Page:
Whitney Wolfe, the former marketing director at Tinder (a popular mobile dating app), is suing the company for sexual harassment and discrimination. According to an article on The Verge, the lawsuit’s primary defendant is Tinder’s marketing chief Justin Mateen, who allegedly wrongfully stripped Wolfe of her “co-founder” title and harassed her to the point where she left the company.
Tinder founder and CEO Sean Rad is also named in the suit, along with IAC and Match.com (Tinder’s owners). Rad denies the allegations and maintains that the company takes gender equality seriously.
If the case settles, we may never know if Tinder is guilty of sexual harassment and discrimination. But the allegations of the lawsuit are enough to send a message to other small-business owners and startups: you are not immune to employment lawsuits.
How Startups Are Vulnerable to Employment Lawsuits
Tinder launched two years ago with six employees. Since then, the app has seen exponential growth in users. Today, it’s estimated that 10 million people use the app daily.
When a business suddenly takes off the way Tinder did, management issues can be a struggle – and addressing workplace discrimination and harassment risks may not always be a top priority.
Perhaps that is one of the reasons why the higher ups at Tinder let the situation get out of hand. After all, the lawsuit alleges Mateen…
- Created a hostile work environment for Wolfe by sending her racist, homophobic, and sexist text messages.
- Discriminated against Wolfe because of her gender by calling her a “24-year-old girl” who “devalues” the company and by calling her a “whore” in front of Rad.
It’s illegal to discriminate or harass employees based on their gender, race, ethnicity, pregnancy status, disability, age, or national origin. (For more on these regulations, see “Employee Rights: What Small-Business Owners Need to Know.”)
Among friends and lovers (Wolfe and Mateen were dating before the suit), disagreements or unsavory jokes might not seem like a big deal – but there’s a reason why professional and personal relationships should be kept separate. Wolfe allegedly tried to alert her bosses of the harassment, but both Tinder’s CEO and owners didn’t take her claims seriously.
A Gender Discrimination Lawsuit’s Hefty Price Tag
A workplace discrimination or harassment suit strikes fear in the hearts of most employers. For one thing, employers generally don’t like to hear that one of their employees feels unsafe or uncomfortable at work. For another, employment lawsuits are among the most expensive lawsuits a business owner can face. You may have to pay for…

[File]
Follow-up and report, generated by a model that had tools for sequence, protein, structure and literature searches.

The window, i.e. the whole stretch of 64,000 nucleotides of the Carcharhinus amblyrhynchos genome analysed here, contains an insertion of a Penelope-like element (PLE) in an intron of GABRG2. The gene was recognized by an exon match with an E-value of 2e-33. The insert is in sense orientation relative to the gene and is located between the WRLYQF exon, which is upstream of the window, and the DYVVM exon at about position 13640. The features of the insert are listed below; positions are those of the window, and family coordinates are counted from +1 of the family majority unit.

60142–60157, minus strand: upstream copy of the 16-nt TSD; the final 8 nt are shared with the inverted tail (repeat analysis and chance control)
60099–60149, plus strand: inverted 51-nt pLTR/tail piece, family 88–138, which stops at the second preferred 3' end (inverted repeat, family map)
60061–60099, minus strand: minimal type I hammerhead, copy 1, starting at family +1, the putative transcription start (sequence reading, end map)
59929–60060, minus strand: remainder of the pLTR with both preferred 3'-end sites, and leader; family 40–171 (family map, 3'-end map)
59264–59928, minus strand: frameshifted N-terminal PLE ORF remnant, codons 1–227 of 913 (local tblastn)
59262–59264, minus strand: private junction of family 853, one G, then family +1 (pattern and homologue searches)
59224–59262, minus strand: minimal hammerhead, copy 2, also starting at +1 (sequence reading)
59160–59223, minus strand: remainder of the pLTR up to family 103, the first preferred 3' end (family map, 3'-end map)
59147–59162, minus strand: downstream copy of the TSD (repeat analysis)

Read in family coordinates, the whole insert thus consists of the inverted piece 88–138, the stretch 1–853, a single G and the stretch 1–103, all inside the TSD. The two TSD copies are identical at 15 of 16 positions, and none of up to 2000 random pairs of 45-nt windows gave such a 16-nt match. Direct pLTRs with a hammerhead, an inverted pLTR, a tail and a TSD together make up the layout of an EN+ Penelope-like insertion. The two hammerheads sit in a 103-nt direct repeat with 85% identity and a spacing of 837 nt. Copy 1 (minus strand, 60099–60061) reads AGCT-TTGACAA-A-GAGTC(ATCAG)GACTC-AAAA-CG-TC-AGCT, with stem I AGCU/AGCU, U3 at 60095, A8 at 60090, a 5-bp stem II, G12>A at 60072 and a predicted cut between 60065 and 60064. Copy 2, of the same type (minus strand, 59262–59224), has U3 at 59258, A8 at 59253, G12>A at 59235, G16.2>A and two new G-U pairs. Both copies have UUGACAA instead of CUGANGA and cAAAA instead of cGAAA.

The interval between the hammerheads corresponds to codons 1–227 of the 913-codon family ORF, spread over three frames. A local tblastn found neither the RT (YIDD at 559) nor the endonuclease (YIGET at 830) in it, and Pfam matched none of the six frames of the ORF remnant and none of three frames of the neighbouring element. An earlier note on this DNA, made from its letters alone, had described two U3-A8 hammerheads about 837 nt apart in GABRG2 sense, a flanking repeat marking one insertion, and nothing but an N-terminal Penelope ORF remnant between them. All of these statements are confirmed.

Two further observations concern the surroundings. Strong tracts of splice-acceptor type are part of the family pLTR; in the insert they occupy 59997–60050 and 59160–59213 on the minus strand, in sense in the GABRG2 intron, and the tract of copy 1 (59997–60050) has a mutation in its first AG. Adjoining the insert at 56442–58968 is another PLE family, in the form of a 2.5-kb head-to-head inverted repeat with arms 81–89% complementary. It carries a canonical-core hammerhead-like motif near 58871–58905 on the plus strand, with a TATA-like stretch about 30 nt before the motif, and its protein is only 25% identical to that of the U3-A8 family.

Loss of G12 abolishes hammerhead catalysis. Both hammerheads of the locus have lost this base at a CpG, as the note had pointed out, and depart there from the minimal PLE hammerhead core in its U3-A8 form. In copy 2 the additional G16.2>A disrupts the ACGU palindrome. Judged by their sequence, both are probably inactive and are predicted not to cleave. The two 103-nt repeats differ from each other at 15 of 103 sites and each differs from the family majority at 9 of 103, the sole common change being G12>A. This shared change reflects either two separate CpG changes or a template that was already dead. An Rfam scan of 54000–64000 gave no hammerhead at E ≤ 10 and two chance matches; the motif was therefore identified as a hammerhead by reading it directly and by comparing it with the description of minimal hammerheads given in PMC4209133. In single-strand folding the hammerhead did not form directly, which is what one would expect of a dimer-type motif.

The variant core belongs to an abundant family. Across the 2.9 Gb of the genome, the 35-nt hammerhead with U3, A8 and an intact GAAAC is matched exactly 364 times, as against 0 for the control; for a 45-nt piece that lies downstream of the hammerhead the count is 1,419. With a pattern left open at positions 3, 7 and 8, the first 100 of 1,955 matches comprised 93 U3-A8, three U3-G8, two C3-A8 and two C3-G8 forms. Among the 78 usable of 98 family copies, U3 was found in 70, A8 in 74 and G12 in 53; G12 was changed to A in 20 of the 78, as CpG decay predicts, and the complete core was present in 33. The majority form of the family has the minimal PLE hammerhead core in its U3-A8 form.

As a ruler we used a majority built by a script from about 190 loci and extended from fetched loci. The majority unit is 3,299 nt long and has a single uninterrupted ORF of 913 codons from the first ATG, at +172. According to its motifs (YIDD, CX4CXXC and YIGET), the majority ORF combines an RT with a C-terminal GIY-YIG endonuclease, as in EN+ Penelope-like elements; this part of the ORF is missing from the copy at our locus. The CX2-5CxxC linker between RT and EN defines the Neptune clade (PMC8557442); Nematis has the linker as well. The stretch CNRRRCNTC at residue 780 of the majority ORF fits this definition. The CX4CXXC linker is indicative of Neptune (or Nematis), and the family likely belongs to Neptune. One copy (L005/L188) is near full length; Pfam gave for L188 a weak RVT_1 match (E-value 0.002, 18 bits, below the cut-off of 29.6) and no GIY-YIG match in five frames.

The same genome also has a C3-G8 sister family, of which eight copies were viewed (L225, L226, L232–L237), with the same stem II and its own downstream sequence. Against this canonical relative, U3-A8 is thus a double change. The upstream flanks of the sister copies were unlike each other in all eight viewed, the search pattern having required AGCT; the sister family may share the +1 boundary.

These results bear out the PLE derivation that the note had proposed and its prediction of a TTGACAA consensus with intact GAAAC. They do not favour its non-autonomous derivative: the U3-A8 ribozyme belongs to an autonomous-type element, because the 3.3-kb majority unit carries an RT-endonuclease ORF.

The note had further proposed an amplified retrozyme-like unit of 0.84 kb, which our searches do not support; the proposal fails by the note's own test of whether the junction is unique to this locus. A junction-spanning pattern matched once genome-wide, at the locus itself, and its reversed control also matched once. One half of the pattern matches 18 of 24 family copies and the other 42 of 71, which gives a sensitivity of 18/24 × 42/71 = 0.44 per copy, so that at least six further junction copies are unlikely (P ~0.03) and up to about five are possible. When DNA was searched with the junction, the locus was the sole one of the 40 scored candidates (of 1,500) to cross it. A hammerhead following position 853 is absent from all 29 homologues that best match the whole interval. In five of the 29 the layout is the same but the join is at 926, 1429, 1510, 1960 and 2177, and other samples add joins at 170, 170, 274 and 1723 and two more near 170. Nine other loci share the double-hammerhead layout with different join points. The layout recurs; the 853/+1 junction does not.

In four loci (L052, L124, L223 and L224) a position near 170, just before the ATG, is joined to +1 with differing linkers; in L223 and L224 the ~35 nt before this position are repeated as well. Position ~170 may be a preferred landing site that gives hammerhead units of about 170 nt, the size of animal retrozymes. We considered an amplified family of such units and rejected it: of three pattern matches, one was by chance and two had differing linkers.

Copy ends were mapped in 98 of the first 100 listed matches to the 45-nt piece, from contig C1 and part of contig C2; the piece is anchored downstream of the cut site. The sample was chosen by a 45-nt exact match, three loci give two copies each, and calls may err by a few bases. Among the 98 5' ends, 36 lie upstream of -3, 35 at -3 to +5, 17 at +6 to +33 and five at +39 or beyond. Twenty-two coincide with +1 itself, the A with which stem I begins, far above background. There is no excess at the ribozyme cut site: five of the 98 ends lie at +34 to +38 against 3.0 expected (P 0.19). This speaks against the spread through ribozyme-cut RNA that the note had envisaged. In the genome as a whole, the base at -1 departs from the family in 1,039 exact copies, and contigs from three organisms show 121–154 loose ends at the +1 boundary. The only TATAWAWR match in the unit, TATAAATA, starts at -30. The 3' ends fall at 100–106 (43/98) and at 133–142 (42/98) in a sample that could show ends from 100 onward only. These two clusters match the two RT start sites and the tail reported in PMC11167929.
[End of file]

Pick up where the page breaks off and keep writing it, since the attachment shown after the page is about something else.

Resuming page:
- Lawyer fees. These may only be a few thousand dollars for cases that settle quickly out of court, but expect to spend hundreds of thousands of dollars if the case goes to trial.
- Witness / expert fees. In order to strengthen your defense, your lawyer may call in a witness or expert to testify on your behalf. Unfortunately, this costs money.
- Settlements. Even if you can resolve the dispute out of court, you’ll have to settle the claim with cold, hard cash.
- Judgments. If you lose the case, a judge will order you to pay the employee damages, which can easily drain your bank account (and then some).
- Other costs. If you lose your case, you might have to pay for your employee’s defense as well as your own.
And these are just monetary losses. Your business may also suffer from loss of productivity and morale throughout the lawsuit.
Shielding Your Small Business from the Cost of Employment Lawsuits
Employment lawsuits may sound grim, but there are steps you can take to avoid them. First of all, even the newest and smallest of businesses should take workplace harassment and discrimination seriously. Every business should have written protocol in place that details how to handle these issues. For more tips, read “The Small Business Guide to Avoiding Discrimination and Harassment in the Workplace.”
You can also purchase Employment Practices Liability Insurance (EPLI), which covers the cost of employment lawsuits. This policy can be purchased on its own or as an “add on” to your Professional Liability Insurance policy.